Western Mail, Thursday 23 November 1933, page 2
In '99 I was in Cape Town, when I saw four battalions of Imperial infantry marching from Greenpoint camp to the railway station. Each band was playing Kipling's "Absent Minded Beggar."
About eighteen months afterwards I was in Pretoria, and saw the Argyle and Sutherland Highlanders, march in. They had done 35 miles that day, and were pretty well done. Then the pipes struck up. They swung to it like a fresh battalion.
Towards the end of the war I was in Barberton, Eastern Transvaal. The drums and fifes of the infantry battalion stationed there used to play "Reveille" for half an hour up and down the main street. The townsfolk must have loved it.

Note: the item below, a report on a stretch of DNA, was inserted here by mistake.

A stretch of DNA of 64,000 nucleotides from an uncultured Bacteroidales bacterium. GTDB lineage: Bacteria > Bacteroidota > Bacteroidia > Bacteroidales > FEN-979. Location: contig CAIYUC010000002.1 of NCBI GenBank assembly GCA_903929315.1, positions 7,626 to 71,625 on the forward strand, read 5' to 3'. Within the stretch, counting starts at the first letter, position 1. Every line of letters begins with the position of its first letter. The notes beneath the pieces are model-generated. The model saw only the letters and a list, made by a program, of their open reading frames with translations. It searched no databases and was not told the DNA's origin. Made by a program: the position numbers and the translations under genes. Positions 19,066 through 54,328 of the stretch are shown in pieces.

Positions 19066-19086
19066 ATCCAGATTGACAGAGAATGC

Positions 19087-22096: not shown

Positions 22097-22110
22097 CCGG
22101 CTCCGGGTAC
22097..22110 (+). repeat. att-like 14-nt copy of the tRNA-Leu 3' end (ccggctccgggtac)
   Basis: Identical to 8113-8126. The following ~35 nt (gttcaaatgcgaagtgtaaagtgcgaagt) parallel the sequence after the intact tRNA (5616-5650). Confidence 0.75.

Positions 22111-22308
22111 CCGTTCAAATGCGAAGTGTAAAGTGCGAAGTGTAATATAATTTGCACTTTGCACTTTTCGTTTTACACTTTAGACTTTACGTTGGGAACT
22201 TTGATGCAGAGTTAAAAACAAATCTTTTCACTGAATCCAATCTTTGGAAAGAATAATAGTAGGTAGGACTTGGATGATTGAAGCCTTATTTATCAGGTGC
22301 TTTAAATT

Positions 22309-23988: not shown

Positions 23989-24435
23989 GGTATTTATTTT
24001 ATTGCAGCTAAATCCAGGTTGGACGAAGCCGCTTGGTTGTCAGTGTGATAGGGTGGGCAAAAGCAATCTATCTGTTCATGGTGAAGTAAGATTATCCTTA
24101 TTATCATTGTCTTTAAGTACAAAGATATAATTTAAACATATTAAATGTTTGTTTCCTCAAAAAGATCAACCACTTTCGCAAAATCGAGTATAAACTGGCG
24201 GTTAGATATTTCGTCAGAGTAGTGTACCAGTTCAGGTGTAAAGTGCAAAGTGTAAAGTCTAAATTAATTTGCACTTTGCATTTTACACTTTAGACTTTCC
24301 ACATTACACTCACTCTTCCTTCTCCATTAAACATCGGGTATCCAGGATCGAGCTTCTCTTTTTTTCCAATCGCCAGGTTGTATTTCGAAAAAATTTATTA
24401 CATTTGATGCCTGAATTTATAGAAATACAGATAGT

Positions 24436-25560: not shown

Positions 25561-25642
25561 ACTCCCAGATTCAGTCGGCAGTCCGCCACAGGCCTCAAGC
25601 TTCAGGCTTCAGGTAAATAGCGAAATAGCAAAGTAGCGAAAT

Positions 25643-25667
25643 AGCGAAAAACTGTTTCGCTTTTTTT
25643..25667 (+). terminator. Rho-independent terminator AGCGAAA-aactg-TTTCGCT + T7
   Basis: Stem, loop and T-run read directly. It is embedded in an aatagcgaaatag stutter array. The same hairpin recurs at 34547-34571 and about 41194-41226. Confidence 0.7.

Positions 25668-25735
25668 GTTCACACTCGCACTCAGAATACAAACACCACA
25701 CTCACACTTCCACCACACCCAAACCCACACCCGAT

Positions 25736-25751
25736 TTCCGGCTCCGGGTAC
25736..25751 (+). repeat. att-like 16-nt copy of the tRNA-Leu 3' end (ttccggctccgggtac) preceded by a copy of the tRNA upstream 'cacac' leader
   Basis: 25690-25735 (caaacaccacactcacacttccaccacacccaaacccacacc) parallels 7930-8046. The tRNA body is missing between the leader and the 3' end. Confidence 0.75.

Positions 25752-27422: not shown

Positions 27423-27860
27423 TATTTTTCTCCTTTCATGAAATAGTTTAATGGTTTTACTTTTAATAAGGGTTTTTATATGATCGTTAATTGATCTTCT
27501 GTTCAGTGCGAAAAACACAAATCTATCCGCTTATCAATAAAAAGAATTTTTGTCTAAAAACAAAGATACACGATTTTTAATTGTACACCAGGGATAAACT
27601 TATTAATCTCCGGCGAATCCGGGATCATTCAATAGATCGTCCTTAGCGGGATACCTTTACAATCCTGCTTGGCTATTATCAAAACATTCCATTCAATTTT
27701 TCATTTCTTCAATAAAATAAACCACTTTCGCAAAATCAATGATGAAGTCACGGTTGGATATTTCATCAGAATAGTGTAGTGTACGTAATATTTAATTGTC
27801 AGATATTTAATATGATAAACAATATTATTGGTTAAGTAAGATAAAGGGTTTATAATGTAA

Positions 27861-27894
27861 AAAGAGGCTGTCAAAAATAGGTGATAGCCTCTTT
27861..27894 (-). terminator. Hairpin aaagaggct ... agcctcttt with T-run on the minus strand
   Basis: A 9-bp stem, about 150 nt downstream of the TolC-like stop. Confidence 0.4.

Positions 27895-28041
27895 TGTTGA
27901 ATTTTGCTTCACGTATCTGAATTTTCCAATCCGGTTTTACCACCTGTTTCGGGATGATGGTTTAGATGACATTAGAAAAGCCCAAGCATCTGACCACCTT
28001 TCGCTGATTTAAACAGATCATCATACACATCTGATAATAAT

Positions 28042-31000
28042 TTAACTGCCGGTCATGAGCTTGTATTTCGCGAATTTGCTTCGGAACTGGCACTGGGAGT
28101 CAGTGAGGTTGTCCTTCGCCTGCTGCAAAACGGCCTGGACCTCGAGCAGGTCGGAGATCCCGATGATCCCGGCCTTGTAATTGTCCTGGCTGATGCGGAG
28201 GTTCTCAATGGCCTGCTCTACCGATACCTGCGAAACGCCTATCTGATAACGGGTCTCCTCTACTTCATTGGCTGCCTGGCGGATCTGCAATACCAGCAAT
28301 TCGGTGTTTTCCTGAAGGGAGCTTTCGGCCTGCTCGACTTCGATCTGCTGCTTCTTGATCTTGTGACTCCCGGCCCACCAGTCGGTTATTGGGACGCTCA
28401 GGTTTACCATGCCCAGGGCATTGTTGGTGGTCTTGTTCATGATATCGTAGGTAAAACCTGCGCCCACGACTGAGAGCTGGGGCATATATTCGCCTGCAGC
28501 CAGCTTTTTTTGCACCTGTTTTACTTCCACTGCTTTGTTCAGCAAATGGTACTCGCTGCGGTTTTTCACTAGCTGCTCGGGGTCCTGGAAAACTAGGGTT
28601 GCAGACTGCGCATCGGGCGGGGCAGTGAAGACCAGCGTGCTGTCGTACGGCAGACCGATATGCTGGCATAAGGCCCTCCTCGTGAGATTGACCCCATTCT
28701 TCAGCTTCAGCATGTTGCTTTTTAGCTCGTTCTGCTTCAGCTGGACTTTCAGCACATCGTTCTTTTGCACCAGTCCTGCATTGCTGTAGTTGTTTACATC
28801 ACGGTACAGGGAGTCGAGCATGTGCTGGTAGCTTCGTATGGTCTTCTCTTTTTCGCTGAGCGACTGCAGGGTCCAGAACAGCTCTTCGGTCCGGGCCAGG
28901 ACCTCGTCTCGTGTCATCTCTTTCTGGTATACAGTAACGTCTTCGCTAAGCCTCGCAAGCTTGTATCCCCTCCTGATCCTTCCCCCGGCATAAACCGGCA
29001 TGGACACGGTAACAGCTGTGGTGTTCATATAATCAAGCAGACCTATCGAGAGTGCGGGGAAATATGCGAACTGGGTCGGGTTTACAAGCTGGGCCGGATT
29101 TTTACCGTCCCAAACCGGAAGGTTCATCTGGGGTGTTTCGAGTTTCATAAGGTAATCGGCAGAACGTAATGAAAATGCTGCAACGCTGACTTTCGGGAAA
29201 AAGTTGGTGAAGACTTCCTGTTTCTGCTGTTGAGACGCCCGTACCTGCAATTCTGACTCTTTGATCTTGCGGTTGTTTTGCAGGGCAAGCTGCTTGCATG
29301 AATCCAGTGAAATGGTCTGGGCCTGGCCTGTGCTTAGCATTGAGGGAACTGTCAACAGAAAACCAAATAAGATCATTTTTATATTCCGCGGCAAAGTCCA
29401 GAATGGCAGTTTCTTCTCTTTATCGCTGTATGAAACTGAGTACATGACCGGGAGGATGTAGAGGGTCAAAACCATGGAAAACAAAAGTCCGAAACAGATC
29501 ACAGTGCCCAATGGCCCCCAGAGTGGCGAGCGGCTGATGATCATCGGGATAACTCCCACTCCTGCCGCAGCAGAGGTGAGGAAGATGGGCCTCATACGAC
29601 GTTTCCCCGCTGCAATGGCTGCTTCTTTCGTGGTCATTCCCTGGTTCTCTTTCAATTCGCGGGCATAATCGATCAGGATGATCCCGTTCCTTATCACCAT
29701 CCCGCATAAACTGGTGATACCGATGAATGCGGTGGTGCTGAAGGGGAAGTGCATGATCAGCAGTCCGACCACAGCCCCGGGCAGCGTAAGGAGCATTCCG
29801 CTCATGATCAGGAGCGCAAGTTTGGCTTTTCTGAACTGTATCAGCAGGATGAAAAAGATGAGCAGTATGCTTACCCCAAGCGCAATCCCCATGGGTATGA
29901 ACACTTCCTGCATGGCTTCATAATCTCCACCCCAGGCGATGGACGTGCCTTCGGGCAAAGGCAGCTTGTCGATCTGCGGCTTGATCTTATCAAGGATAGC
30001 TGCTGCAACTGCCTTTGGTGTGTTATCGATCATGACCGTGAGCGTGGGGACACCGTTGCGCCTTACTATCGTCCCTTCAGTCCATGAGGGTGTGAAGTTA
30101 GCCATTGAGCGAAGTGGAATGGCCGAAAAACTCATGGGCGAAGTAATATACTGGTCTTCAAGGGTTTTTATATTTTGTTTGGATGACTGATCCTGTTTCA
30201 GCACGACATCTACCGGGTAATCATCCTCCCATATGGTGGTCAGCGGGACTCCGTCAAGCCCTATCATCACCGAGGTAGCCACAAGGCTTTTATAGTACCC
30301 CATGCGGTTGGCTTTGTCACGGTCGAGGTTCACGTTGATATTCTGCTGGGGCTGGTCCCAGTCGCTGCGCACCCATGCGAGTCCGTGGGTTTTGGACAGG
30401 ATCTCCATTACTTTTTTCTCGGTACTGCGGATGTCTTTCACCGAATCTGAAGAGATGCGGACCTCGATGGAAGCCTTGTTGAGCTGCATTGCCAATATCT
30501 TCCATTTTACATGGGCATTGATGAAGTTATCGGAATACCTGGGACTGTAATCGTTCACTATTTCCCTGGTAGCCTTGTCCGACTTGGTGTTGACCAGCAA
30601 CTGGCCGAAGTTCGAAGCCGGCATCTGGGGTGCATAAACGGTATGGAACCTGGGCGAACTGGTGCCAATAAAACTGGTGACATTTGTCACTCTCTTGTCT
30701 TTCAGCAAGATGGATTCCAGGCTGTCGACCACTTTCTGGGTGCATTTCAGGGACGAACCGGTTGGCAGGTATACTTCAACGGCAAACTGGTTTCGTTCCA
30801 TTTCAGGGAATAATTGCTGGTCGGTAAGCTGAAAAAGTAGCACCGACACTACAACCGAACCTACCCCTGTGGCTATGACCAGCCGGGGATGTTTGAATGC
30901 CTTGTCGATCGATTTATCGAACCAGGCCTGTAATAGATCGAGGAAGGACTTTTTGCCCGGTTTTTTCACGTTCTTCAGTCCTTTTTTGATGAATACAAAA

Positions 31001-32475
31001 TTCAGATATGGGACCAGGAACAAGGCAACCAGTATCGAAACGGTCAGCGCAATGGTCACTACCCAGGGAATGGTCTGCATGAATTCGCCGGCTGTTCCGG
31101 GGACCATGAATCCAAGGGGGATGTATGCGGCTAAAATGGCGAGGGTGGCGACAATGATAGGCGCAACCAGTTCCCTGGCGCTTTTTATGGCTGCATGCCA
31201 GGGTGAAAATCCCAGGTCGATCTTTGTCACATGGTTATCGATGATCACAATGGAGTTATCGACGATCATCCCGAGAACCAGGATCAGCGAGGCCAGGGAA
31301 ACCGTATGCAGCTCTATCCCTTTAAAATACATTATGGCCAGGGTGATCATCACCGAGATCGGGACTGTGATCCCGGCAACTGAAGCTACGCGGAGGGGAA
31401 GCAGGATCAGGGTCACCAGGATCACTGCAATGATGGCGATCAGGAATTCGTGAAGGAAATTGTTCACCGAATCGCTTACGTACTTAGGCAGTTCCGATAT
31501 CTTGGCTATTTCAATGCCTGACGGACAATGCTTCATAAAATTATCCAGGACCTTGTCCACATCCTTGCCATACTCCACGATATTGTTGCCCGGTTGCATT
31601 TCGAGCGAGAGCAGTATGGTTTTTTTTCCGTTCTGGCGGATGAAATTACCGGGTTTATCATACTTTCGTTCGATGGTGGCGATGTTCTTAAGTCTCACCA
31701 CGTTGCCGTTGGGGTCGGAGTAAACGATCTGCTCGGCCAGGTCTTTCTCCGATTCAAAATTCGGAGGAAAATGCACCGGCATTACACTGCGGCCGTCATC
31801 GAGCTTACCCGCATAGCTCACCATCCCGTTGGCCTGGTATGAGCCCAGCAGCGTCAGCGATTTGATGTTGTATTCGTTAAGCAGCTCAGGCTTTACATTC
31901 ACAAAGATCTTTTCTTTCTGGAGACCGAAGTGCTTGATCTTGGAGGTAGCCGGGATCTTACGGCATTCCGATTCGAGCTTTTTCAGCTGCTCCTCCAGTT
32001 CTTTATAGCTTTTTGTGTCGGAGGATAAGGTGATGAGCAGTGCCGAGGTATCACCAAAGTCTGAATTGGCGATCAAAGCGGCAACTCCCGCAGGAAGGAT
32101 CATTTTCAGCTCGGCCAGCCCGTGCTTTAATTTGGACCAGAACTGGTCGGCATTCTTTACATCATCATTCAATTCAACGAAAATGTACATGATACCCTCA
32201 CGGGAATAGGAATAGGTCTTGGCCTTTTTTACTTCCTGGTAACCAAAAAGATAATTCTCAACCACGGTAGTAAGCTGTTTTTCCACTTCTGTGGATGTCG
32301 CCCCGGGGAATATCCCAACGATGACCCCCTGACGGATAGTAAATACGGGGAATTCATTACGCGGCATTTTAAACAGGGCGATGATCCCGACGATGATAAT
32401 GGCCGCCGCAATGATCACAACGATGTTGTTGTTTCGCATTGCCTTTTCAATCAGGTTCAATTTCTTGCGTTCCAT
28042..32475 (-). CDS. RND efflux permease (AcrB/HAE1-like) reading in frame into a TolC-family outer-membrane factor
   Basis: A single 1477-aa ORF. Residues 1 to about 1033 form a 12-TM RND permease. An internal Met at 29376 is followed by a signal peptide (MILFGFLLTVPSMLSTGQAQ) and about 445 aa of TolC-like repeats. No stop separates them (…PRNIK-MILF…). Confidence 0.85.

In '14 I was in camp at Guildford. The Caledonian Society gave us a concert. One little girl sang "Who were you with last night?"
On the s.s. Mashabra Ted Arundel's band kept us in music. It was not bad, although two members of my troop who had the bad luck to get 48 hours reckoned the worst part of their punishment was having to listen to them practising outside the boob!
At Serapaeum in '16 Ted Arundel's band was in great form with a really first-class repertoire, the only item I can remember the name of was the "Destiny" waltz.
But the greatest song of all that we used to sing during the war was that good old Gippo song:–
Ya-ha Bibi, sal-u-mar,
J. Ryder, Lake Biddy.